In conjunction with lazy evaluation and out-of-band control channels, adaptable signal-processing (ASP) algorithms can be used to trade off the behavior of components within a signal-processing system to meet overall processing requirements. An essential requirement for a system that employs ASP is the ability of its components to operate with various amounts of computational resources, so that it can adjust the resources devoted to each component to achieve acceptable, efficient end-to-end performance. For example, a filtering algorithm can adjust output quality by varying the number of input samples it uses, dynamically altering its resource consumption as interference changes. A system experiencing better-than-expected interference conditions can relax filtering requirements and conserve computational resources or use them for other purposes.
SpectrumWare provides flexibility in system design by moving the hardware/software boundary closer to the antenna. The proposed project seeks to exploit this flexibility by designing application-appropriate software modules, free from traditional constraints on when and how computations are performed. For example, our experience building software transmitters that pre-compute waveforms shows that modules can substitute preprocessing and inexpensive memory for expensive processing cycles.
One goal for modularization is to separate computation from control. For example, we seek to amortize the cost of expensive, but infrequent control computations over continuous computations performed on successive elements of received data. Modules that perform infrequent control computations help set parameters for modules that perform the continuous computation.
Another goal is to provide applications with greater control over the modules used by signal-processing systems in which they are embedded. Consider, for example, how a digital receiver might deal with errors when it processes 99.5% of the samples within 10 m sec, but takes 10 milliseconds in the worst case. If the receiver is part of a system receiving an audio stream, it may be best to use a module that buffers samples and relies on the fact that, on average, there is plenty of time to process all samples. On the other hand, if the receiver is embedded in a network interface, it may be best to use a module that stops processing after 10 m sec and randomly guesses whether the bit is zero or one. This module will introduce bit errors for 0.25% of the samples will be wrong. However, since there can also be channel-induced errors, higher level modules must be prepared to deal with errors, and this increase is not likely to have a material effect upon overall performance.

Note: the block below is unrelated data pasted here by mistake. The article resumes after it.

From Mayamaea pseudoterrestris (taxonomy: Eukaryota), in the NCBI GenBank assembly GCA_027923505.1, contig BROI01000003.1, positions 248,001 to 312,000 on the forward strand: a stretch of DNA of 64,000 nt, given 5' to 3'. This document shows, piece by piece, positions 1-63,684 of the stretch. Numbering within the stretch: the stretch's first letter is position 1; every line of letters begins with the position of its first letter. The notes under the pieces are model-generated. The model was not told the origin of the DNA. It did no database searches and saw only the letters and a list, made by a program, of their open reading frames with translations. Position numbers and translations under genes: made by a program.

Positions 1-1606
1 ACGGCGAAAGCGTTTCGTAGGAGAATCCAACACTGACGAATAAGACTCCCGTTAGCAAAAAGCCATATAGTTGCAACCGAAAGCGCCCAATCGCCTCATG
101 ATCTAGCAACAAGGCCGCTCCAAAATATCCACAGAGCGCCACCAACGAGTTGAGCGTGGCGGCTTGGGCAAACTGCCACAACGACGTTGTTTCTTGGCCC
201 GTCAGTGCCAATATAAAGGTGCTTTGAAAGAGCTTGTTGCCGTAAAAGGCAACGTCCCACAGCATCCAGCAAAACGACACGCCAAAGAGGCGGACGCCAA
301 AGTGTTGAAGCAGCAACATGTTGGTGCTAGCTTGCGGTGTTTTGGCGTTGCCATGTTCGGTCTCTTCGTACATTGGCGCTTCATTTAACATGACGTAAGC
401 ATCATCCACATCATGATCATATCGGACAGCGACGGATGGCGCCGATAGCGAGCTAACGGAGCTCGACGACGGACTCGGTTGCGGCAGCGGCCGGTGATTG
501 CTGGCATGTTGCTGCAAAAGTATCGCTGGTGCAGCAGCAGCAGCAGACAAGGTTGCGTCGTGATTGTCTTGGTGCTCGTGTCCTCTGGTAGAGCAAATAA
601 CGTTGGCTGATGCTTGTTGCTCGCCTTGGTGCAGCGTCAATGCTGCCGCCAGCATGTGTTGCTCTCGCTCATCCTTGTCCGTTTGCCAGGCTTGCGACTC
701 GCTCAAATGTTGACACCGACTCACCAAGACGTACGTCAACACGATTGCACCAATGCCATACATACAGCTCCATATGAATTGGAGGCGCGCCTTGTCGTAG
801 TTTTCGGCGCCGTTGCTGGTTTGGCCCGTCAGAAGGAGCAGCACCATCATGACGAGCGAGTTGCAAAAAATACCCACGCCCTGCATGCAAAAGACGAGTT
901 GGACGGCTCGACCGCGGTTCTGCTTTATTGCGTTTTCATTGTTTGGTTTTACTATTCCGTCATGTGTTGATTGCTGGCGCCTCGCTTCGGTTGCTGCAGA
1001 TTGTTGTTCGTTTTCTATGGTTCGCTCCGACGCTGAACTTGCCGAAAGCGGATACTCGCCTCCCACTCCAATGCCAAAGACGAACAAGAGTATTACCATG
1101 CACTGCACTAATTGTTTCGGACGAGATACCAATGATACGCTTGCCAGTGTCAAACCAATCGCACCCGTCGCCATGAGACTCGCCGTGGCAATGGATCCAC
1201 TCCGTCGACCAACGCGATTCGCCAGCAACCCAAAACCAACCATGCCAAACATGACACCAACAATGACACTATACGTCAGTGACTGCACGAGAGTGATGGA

A related goal is to provide applications with the ability to download and install new signal processing modules. Such an ability would be very useful in building self-organizing scalable networks. For example, protocols could use beacons for triangulation to establish the basic topology of a network, and they could use a variety of "probes" during periodic channel characterizations to choose the most effective modulation techniques, downloading new modules when necessary to deal with different bandwidth requirements, noise environments, or network topologies.
Work on SpectrumWare will continue during the course of the multi-year Oxygen effort, with the goal of providing a prototype system of the kind described below in Section 3. This proposal requests support during the coming year for SpectrumWare activities directed towards that goal. Subsequent proposals may request additional support for work in subsequent years.
During the coming year, we plan to develop algorithms and software, of the kinds described above, which enable us to build adaptable networks of wired and wireless devices. In particular, we plan to develop:
In subsequent years, we plan to provide additional features:
3. Prototype system and applications
A multi-year goal of this project is to construct a prototype wireless network that enables users to maintain continuous and ubiquitous connectivity to multimedia applications as they move about in a building at MIT or across the campus. The network will provide both handheld and stationary access points by integrating commercial off-the-shelf hardware with custom hardware for multiple antennae as well as with user interface devices such as speakers, microphones, video cameras, and displays. Network devices will contain custom-built I/O interfaces for transferring sampled wireless, video, and sound data to and from the processor. The wireless interface will be switchable over a range of RF front-ends and provide support for continuous data transfers, minimizing the effects of jitter and system latencies. Several RF front ends will enable trial applications involving software radios/TVs as well as highly configurable data networks.
The physical layer of the network will use SpectrumWare to adjust such factors as power consumption, modulation techniques, bandwidth, and error correction. Handheld devices will communicate with each other and with the stationary devices using infrared for desktop connectivity, high radio frequencies for in-building connectivity, and lower radio frequencies for campus-wide connectivity. Providing smooth vertical hand-offs between different modes of communication presents one set of challenges. Handling high data rates (e.g., 20 Mbps) for local connectivity presents another.
We expect that the experience gained by using actual wireless channels will raise new issues and drive further research.